The Canadian Press - Mutual funds return to positive sales in September: $993.8 million (15 October 2007) Investors returned to mutual funds in September as the industry booked C$993.8 million in net sales for the month, compared with C$930.5 million in September 2006. 'With better than expected capital market returns for September, assets under management grew by C$5.5 billion to finish the month at C$701.4 billion,' Pat Dunwoody, vice-president of the Investment Funds Institute of Canada, said. This asset total was up by 15 per cent from September 2006. So far this year, net sales excluding reinvested distributions total C$27.8 billion, more than double the C$13 billion recorded in the first nine months of last year.

From a CBC News report on this: A volatile summer on North American stock markets didn't put mutual fund investors in a selling mood for long, as almost C$1 billion in net new money streamed in last month.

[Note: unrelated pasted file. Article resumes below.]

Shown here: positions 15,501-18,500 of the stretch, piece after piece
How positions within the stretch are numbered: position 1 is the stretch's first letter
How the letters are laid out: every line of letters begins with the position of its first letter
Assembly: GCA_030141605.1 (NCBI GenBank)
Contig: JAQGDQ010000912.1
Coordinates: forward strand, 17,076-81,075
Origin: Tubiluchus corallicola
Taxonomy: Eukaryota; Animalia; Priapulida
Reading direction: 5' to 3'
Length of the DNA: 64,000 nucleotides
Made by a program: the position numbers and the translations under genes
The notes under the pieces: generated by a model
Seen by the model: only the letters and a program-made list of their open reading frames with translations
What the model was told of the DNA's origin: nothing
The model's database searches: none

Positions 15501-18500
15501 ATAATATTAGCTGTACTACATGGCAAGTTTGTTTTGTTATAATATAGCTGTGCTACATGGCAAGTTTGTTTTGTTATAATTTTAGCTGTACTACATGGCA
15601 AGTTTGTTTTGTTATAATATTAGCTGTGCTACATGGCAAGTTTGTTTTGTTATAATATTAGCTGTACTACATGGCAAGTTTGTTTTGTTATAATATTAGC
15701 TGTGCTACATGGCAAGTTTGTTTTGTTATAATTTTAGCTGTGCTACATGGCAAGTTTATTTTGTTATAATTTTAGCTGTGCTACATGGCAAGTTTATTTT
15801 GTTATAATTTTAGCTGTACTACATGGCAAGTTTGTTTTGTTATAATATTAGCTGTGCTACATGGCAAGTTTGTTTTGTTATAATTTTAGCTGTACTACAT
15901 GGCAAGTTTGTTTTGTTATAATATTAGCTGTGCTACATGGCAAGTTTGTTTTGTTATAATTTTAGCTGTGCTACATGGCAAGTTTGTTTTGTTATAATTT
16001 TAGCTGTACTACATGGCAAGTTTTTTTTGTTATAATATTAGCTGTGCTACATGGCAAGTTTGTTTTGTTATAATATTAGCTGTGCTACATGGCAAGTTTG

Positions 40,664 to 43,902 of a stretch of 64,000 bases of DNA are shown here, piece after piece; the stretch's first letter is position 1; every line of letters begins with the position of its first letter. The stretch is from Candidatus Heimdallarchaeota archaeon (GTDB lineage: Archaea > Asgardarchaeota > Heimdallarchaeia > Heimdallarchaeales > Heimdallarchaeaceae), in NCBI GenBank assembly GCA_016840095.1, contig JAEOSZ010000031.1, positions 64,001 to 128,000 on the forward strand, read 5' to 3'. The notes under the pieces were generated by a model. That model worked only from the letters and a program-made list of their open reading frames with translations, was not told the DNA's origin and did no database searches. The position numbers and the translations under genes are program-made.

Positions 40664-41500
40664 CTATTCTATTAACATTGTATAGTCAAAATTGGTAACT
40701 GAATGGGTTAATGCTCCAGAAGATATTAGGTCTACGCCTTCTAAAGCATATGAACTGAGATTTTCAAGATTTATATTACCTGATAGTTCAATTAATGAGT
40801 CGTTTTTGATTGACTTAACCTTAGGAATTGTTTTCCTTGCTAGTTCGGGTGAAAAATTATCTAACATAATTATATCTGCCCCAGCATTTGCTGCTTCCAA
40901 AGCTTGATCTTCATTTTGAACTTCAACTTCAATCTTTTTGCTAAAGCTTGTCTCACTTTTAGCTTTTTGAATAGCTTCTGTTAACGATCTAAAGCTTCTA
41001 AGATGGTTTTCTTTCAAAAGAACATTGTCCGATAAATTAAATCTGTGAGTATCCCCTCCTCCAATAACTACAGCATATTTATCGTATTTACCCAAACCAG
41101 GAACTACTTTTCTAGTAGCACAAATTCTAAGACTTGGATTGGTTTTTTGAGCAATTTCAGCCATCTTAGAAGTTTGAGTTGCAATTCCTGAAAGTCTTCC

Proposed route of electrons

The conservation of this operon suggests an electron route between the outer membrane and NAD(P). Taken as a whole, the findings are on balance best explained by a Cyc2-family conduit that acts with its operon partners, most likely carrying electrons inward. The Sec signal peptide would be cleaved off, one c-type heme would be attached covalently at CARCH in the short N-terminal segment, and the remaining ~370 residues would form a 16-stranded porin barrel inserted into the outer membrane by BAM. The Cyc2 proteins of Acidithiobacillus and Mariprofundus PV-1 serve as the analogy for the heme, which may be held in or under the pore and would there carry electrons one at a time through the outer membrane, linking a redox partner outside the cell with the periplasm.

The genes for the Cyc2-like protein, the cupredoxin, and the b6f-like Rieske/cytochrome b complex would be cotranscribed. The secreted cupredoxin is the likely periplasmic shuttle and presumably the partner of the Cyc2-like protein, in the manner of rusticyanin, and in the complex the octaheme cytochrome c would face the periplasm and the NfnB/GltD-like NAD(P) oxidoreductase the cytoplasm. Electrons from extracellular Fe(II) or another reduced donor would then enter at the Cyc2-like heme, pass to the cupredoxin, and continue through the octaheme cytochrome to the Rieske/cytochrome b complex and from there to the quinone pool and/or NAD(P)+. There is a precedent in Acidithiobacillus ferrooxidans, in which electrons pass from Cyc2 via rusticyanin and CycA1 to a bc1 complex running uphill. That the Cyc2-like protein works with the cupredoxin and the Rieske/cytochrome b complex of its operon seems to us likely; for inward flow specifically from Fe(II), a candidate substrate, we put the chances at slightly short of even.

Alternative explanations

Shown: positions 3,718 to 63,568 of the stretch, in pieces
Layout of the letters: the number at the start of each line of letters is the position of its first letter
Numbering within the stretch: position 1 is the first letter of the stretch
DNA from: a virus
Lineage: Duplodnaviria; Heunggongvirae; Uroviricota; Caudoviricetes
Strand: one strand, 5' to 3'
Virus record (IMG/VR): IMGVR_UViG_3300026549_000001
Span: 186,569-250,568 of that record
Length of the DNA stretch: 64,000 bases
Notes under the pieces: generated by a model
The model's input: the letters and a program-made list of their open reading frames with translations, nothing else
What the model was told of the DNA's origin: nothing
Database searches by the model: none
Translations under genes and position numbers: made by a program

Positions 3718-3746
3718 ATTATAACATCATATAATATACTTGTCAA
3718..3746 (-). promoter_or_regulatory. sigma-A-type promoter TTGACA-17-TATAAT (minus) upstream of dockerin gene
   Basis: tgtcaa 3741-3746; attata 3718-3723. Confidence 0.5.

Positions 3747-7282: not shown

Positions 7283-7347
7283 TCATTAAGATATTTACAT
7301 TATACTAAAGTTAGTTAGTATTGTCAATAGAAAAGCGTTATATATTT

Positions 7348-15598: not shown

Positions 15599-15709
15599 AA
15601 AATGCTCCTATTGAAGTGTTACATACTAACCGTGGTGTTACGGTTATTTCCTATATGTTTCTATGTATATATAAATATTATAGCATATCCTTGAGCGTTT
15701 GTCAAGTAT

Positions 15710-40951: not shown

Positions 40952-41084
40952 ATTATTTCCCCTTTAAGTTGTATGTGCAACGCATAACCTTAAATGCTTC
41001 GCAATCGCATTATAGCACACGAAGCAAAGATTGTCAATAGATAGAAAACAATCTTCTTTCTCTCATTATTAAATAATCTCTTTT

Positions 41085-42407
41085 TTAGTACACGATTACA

The Canadian Press - New car-truck sales jumped in August, Statistics Canada says (15 October 2007) Statistics Canada says sales of new cars and trucks rose 2.8 per cent in August to 143,606 vehicles. Truck sales rose 4.9 per cent following two months of declines, while car sales gained 0.8 per cent after slipping 2.3 per cent in July.

From the Statistics Canada report: Although all but three provinces saw sales rise in August, 95% of the national increase came from Quebec (up 4.6%) and Ontario (up 4.3%).

The Canadian Press - Canadian retailers will cut prices as loonie surges, says mall developer (14 October 2007) A developer says his dream of building one of Canada's newest and largest malls near Montreal won't be undermined by bargain hunters making a beeline to U.S. stores. 'It takes time for the market to adjust,' Sheldon Gordon, chairman of Gordon Group Holdings, said. The march to lower prices in Canada [due to the rapid rise in value of the 'loonie', popular name for the Canadian dollar] has already started and should be felt in time for Christmas, says John Winter, a retail analyst at John Winter Associates. Retailers who are paying less for merchandise ordered for the holiday shopping season should pass along savings from a higher Canadian dollar to consumers, he said.